Sony SONY-N scrapped the $10-billion merger of its Indian arm with Zee Entertainment in part because Zee failed to meet some financial terms of the deal and come up with a plan to address them, according to a termination notice reviewed by Reuters.
India’s Zee denied the allegations in a letter to Sony, also reviewed by Reuters, and accused the Japanese company of “bad faith” in calling off the merger.
A Zee-Sony merger in India would have created a media powerhouse in the world’s most populous nation with 90-plus channels across sports, entertainment and news.
But Sony terminated the plans on Jan. 22, saying in a statement it was doing so because “closing conditions” were not satisfied after two years of negotiations. Neither Sony nor Zee made the contents of the termination notice public.
Reviewed by Reuters, Sony’s notice said Zee had “failed to take commercially reasonable” efforts to meet some financial thresholds, including with regards to cash availability, while a “lack of commercial prudence” by the Indian network contributed to its decision.
In the 62-page notice, Sony said several breaches of the merger agreement were “not remediable and any further attempts to mutually discuss would be an empty formality, especially given ... plain denial (by Zee) and failure to provide a proposal to protect” Sony’s interests.
“The breaches committed by Zee are not ‘procedural or technical’ in nature and will have a substantive impact on the transactions,” Sony said.
Zee responded privately to Sony a day later, on Jan. 23, saying it denied all Sony’s allegations, adding the Japanese company’s demand for a termination fee of $90-million was “legally untenable”.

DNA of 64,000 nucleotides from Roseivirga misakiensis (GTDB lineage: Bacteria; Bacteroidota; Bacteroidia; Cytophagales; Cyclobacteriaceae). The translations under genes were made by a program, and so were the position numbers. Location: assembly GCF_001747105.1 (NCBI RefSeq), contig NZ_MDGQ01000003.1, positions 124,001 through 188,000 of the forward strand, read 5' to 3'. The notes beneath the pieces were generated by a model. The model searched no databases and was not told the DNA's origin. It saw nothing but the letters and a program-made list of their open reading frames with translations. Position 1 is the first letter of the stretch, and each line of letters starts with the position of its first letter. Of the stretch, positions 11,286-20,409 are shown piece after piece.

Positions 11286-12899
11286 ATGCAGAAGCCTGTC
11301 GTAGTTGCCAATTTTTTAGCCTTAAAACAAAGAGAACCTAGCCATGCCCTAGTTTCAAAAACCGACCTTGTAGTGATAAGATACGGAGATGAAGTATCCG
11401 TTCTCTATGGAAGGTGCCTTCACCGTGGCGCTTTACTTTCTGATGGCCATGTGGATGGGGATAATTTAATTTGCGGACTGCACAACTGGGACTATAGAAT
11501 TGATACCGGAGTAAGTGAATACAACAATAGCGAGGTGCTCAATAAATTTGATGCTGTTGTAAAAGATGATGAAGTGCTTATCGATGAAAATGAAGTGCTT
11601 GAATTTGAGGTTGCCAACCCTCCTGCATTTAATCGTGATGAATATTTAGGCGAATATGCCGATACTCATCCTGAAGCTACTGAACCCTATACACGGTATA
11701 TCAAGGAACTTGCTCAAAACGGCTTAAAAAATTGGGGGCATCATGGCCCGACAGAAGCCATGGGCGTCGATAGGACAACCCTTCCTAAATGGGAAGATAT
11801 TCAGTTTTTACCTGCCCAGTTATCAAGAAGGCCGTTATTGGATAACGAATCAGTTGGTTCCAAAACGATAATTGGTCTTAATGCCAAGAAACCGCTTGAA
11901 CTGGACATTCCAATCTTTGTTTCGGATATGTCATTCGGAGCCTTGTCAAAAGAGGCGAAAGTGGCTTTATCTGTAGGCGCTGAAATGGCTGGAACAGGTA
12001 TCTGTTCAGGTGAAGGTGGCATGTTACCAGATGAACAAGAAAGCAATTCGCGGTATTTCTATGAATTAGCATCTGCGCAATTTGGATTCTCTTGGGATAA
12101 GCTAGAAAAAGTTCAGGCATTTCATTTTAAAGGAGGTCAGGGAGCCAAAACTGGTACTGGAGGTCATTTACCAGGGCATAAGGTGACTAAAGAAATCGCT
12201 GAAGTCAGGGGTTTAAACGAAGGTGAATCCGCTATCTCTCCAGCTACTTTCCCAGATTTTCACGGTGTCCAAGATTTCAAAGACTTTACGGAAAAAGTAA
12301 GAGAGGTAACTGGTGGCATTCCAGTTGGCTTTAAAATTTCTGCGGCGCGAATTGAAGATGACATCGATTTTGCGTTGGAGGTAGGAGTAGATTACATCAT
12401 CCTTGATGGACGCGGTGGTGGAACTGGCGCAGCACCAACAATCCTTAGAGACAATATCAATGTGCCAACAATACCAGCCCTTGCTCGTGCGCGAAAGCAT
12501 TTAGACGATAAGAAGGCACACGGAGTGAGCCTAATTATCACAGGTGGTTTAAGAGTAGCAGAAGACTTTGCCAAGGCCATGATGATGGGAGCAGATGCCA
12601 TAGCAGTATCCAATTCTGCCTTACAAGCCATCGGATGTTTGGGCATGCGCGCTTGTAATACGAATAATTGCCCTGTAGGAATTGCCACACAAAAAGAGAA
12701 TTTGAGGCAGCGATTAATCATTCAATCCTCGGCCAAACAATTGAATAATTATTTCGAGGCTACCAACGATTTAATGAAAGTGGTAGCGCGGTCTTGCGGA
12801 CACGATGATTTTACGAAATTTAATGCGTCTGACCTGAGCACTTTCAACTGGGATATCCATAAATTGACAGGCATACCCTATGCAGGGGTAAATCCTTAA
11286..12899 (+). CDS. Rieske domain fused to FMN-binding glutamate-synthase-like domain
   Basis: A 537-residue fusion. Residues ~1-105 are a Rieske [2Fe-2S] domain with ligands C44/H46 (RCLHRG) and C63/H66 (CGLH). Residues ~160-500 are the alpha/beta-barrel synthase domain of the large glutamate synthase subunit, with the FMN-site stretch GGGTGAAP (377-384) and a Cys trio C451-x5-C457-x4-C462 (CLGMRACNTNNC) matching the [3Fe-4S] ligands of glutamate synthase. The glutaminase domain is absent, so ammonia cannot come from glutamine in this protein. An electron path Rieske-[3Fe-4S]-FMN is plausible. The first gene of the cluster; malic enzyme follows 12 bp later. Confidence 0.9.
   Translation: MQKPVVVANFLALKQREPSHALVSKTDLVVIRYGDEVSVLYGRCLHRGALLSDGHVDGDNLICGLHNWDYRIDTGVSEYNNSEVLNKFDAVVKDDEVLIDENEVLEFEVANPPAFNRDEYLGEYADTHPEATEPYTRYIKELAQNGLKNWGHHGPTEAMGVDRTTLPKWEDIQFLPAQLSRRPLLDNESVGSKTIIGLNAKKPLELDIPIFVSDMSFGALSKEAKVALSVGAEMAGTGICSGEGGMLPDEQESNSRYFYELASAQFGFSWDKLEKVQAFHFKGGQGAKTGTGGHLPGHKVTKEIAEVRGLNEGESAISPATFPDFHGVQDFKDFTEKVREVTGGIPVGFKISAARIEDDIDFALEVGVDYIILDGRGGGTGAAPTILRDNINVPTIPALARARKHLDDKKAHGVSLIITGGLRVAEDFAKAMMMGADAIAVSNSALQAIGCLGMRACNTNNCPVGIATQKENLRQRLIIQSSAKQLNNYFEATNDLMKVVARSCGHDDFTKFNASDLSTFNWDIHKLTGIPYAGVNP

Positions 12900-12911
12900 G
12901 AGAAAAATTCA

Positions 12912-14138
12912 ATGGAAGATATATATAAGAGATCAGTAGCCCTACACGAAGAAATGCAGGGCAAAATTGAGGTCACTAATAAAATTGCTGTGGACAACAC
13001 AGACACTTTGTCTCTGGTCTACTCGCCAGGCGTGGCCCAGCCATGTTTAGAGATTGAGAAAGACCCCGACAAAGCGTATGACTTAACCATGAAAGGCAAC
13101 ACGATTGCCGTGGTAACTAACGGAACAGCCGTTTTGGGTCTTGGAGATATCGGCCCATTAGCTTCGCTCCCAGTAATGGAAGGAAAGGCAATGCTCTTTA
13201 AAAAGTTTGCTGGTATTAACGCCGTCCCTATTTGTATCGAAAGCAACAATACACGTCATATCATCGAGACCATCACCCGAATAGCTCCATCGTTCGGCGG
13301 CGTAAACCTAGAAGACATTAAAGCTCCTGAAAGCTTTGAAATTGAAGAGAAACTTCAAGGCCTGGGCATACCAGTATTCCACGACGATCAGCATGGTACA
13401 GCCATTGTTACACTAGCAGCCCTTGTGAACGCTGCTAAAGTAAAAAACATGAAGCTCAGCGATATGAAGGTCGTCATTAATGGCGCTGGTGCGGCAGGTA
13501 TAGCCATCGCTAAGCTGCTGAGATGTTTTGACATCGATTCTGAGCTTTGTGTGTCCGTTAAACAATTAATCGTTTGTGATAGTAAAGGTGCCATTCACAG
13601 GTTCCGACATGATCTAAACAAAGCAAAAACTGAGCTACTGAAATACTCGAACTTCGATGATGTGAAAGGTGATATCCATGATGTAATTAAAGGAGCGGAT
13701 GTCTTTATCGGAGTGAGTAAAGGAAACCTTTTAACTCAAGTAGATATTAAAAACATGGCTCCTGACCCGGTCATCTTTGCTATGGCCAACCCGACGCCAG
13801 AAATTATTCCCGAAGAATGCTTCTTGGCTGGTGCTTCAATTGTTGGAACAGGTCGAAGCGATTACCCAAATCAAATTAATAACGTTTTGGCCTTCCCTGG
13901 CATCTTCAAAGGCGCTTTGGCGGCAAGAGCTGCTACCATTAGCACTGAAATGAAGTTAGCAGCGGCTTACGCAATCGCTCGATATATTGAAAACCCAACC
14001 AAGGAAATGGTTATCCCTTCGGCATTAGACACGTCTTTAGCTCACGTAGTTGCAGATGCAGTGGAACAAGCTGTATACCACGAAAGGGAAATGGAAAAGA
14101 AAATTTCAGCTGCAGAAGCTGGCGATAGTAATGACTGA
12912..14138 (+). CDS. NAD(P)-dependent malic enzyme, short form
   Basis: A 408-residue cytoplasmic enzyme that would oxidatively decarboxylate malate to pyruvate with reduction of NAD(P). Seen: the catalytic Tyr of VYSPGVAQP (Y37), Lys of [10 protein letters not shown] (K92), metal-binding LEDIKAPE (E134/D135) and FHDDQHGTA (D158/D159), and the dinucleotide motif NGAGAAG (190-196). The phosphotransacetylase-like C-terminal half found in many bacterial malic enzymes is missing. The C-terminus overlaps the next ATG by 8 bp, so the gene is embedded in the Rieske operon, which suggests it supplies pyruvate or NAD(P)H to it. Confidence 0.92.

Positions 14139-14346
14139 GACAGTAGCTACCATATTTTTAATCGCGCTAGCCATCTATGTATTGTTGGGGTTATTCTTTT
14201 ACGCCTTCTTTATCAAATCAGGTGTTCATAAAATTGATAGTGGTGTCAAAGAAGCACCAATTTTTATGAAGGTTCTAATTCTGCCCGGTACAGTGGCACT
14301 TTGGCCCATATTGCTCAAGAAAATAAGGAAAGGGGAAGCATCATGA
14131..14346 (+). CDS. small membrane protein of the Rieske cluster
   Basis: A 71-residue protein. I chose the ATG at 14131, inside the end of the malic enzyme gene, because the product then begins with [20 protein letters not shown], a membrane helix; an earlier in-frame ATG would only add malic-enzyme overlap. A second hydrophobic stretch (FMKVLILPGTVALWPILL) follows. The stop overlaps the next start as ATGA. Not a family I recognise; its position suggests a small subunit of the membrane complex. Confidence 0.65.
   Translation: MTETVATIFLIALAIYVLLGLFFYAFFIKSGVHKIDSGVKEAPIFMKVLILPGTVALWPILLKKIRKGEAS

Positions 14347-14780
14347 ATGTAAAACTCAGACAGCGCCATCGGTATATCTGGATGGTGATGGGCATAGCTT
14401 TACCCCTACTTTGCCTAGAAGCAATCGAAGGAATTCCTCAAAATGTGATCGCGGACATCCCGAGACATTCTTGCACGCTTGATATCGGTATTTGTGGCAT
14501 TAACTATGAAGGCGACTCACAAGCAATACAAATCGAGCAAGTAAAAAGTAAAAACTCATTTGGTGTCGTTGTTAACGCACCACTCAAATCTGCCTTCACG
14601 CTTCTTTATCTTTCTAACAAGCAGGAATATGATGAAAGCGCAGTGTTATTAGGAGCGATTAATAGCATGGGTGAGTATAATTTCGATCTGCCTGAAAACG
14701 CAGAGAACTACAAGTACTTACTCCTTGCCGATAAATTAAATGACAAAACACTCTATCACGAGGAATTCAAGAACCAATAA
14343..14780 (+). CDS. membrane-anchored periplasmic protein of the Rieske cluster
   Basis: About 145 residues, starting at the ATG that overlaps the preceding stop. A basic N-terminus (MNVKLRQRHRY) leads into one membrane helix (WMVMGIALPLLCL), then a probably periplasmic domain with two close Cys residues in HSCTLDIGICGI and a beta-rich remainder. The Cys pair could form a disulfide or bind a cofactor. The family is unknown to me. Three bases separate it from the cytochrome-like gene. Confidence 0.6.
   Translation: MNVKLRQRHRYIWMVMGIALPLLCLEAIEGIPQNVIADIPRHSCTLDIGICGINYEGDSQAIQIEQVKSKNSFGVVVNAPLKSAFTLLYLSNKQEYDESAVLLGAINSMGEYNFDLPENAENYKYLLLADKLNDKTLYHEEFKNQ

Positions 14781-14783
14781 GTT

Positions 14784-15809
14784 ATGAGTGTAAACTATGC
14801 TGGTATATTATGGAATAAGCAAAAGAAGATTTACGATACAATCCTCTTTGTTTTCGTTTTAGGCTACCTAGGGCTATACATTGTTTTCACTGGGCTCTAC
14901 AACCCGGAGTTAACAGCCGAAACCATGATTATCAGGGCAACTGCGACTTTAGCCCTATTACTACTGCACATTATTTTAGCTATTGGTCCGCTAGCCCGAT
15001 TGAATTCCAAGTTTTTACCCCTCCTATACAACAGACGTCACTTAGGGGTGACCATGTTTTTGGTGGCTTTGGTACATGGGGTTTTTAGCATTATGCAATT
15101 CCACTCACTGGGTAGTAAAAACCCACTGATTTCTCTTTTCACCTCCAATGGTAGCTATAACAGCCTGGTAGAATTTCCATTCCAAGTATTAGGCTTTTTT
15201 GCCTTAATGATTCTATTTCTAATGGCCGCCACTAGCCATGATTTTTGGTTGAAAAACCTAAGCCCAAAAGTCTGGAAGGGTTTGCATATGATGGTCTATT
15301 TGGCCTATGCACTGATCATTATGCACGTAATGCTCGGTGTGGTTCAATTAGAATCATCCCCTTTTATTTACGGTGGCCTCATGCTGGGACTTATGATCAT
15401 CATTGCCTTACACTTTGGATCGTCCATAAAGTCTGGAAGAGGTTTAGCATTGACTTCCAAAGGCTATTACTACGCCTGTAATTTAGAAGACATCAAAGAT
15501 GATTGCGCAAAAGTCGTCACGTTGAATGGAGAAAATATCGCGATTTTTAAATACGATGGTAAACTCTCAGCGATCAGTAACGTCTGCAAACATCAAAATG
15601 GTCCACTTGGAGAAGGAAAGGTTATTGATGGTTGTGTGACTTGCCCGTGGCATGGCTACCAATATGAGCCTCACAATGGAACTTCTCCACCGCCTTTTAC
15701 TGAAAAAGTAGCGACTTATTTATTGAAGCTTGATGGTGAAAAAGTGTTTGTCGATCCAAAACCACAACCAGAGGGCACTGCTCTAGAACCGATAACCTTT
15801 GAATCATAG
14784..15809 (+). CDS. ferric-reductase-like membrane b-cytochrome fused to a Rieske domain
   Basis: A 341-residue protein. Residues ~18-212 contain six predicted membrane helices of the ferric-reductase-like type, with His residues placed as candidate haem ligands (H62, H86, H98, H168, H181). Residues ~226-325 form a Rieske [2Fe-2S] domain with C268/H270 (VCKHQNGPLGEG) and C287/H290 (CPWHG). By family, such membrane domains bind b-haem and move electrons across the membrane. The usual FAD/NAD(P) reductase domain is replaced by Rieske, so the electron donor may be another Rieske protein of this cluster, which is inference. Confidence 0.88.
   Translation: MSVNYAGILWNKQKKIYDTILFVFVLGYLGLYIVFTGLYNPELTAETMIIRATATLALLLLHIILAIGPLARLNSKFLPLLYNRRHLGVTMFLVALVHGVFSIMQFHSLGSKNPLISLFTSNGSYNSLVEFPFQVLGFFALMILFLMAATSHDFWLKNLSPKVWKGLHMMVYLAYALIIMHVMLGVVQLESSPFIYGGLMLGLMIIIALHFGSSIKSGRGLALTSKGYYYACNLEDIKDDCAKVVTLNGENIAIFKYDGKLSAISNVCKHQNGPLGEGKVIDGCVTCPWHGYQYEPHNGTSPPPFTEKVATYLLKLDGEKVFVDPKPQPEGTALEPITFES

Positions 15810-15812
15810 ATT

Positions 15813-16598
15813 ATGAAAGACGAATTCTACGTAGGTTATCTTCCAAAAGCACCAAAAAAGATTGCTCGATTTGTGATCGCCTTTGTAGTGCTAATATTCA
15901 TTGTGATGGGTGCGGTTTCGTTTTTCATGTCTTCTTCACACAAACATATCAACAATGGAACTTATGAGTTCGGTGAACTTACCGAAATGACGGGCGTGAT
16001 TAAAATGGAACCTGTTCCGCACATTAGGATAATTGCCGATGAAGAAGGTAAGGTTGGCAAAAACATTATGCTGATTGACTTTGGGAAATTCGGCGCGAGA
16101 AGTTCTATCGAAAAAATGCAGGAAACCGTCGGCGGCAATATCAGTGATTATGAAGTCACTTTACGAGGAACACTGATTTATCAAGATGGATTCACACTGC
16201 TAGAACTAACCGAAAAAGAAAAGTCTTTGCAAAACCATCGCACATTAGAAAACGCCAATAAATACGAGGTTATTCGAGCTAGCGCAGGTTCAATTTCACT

The termination was “effected in bad faith” and “is wrongful, bad in law,” Zee wrote in its letter, which asked Sony to withdraw its notice.
A Zee spokesperson declined to comment, while Sony did not respond to Reuters queries.
Zee’s shares have fallen about 30 per cent since the deal collapsed.
Its business has struggled over the years. Zee’s advertising revenues fell to $488-million for the 2022-23 financial year from around $600-million five years earlier. Cash reserves dropped to $86-million from $116-million in that period.
Sony, in its termination notice, said that Zee’s cash position was 4.76 billion rupees ($57.26-million) as of Sept. 30, adding that was “much below the requirements” of the merger agreement.
Reuters reported last week that Sony was also concerned about Zee CEO Punit Goenka – who was set to head the merged entity – facing a regulatory investigation for suspected diversion of company funds – allegations he has denied. The “ongoing investigation” was cited in Sony’s notice.
Zee was “unable to realistically assess the timeline required to resolve all the outstanding issues,” Sony’s termination notice stated.